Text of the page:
Brady over Drew Bledsoe at quarterback. It might be the six or
so hours a week that Belichick spends in quarterbacks meetings
and the extra time he spends working with the passers in
practice. When quarterbacks coach Dick Rehbein died on Aug. 6,
two days after suffering a heart attack, Belichick decided he
would split Rehbein's responsibilities with offensive
coordinator Charlie Weis. Belichick takes pride in the fact that
Brady, Bledsoe and Damon Huard all can run the first team
competently in practice. "I learn something in this job every
day, every week, every year," Belichick says. "I'd better be a
better coach than I was 10 years ago."
My Two Cents
Mariucci Worth The Money
1. All those rumors about Steve Mariucci's unhappiness with the
front office won't go away--nor will the colleges trying to hire
him--until the 49ers give their coach a contract extension
befitting one of the best in the game.
2. No on-the-bubble quarterback raised his stock more in 2001
than the Cardinals' Jake Plummer, whose decision-making and
accuracy are light years ahead of where they were a year ago.
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the football Beat
With the Rams' Kurt Warner, the most productive NFL
quarterback ever through his first three seasons as a starter
SI: Finesse team.
Warner: The Rams. (Laughs.) We're unconventional. We throw
first. We're not going to try to beat your head in. But we are
not soft. We can take a hit.
SI: Huge stats.
Warner: I'm in a special place in time, surrounded by great
talent, with a coach who knows how to take advantage of my
Warner: Part of the job. A way to get to know fans.
Warner: A few weeks ago, coming off the practice field, one of
my Christian brothers reminded me that I had said a curse word.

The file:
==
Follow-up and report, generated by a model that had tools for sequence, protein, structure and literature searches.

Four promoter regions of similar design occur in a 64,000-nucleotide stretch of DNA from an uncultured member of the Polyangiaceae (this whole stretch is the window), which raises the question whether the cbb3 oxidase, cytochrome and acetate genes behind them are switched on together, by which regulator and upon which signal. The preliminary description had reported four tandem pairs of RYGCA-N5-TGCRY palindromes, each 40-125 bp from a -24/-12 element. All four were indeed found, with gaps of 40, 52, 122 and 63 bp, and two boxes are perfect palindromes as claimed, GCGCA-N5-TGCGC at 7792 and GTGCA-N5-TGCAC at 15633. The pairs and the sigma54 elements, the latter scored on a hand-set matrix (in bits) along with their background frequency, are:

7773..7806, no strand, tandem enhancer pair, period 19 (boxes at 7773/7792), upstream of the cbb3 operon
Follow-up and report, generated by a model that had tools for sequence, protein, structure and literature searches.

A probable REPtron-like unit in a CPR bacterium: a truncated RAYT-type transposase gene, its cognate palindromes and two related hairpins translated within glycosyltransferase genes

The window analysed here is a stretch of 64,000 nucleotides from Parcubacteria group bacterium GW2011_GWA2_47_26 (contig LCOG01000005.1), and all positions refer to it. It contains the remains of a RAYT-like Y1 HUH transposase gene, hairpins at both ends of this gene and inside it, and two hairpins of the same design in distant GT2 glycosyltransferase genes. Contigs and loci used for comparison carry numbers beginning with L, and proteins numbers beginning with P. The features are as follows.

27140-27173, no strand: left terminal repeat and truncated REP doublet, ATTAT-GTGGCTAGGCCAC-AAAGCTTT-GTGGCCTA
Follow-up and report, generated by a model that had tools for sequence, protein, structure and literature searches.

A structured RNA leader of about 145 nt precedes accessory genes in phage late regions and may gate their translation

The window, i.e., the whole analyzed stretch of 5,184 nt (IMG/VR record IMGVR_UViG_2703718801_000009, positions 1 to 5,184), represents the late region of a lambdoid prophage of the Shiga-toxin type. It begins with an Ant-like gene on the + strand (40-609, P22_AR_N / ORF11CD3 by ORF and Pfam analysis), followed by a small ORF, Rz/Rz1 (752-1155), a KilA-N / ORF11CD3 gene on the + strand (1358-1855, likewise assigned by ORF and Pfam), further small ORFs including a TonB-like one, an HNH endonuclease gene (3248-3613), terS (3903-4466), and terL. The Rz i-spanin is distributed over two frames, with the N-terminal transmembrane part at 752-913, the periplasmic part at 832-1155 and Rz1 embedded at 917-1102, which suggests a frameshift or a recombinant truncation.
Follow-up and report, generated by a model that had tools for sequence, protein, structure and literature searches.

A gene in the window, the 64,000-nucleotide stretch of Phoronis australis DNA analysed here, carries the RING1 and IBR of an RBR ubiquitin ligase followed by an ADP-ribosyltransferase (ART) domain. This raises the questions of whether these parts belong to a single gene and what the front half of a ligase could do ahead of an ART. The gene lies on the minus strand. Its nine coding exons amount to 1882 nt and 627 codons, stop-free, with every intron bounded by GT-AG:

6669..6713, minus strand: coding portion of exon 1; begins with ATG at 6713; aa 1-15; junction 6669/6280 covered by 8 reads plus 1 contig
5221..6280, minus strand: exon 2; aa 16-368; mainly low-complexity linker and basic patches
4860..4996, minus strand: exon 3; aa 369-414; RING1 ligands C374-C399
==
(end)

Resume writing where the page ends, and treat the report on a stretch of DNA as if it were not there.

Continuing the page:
I wasn't proud of myself for that. I've been working on it since
then. Usually I say, "Gosh darn it."
SI: Giving up.
Warner: Probably the only time I thought about quitting was my
third year at Northern Iowa, sitting on the bench. That was my
most frustrating time in football, because I couldn't get on the
field. I considered transferring but stuck it out.
SI: Amsterdam Admirals.
Warner: A platform to get to where I wanted to be. I really got
to know the Lord there, because of all the temptations from the
devil in Amsterdam. Drugs, women, promiscuity everywhere you go.
The devil tried to get me to fall, but I gave my life completely
to the Lord.
SI: Football epitaph.
Warner: A winner. Used his football platform to work for Jesus.
Head-coaching openings versus a depleted pool of worthy
The league is lucky there won't be the typical turnover on the
sidelines this off-season, because there aren't a lot of
top-notch candidates. A total of 26 head-coaching vacancies were
filled over the past three years, but there should be no more
than four or five this time. The top candidates: defensive
coordinators Lovie Smith (Rams), Ted Cottrell (Jets), Marvin
Lewis (Ravens) and Jim Johnson (Eagles); Steelers offensive
coordinator Mike Mularkey; and LSU coach Nick Saban, who had his
contract enriched recently but is nonetheless coveted by several
general managers because of his pro experience and expectations
that he could quickly turn around a loser.
Jan. 9, 1965: The Jets sign their second bonus-baby
quarterback--in one week
After five nonwinning seasons, first as the Titans and then as
the Jets, the franchise took two mind-boggling steps in a span
of seven days. First New York signed Alabama quarterback Joe
Namath the day after the Crimson Tide lost to Texas in the
Orange Bowl. Then, worried about Namath's suspect knees, the
Jets struck a deal with Heisman Trophy-winning quarterback John
Huarte of Notre Dame. Estimated cost: $400,000 for Namath,
$200,000 for Huarte. Huarte never played a snap for the Jets.
Instead, he was traded to the Boston Patriots during training
camp, and he was out of the NFL by the end of the 1972 season
following uneventful stops with the Eagles, Chiefs and Bears.
Namath? "I see in this young man the same qualities that are
found in Johnny Unitas," Jets coach Weeb Ewbank said on the day
of the signing.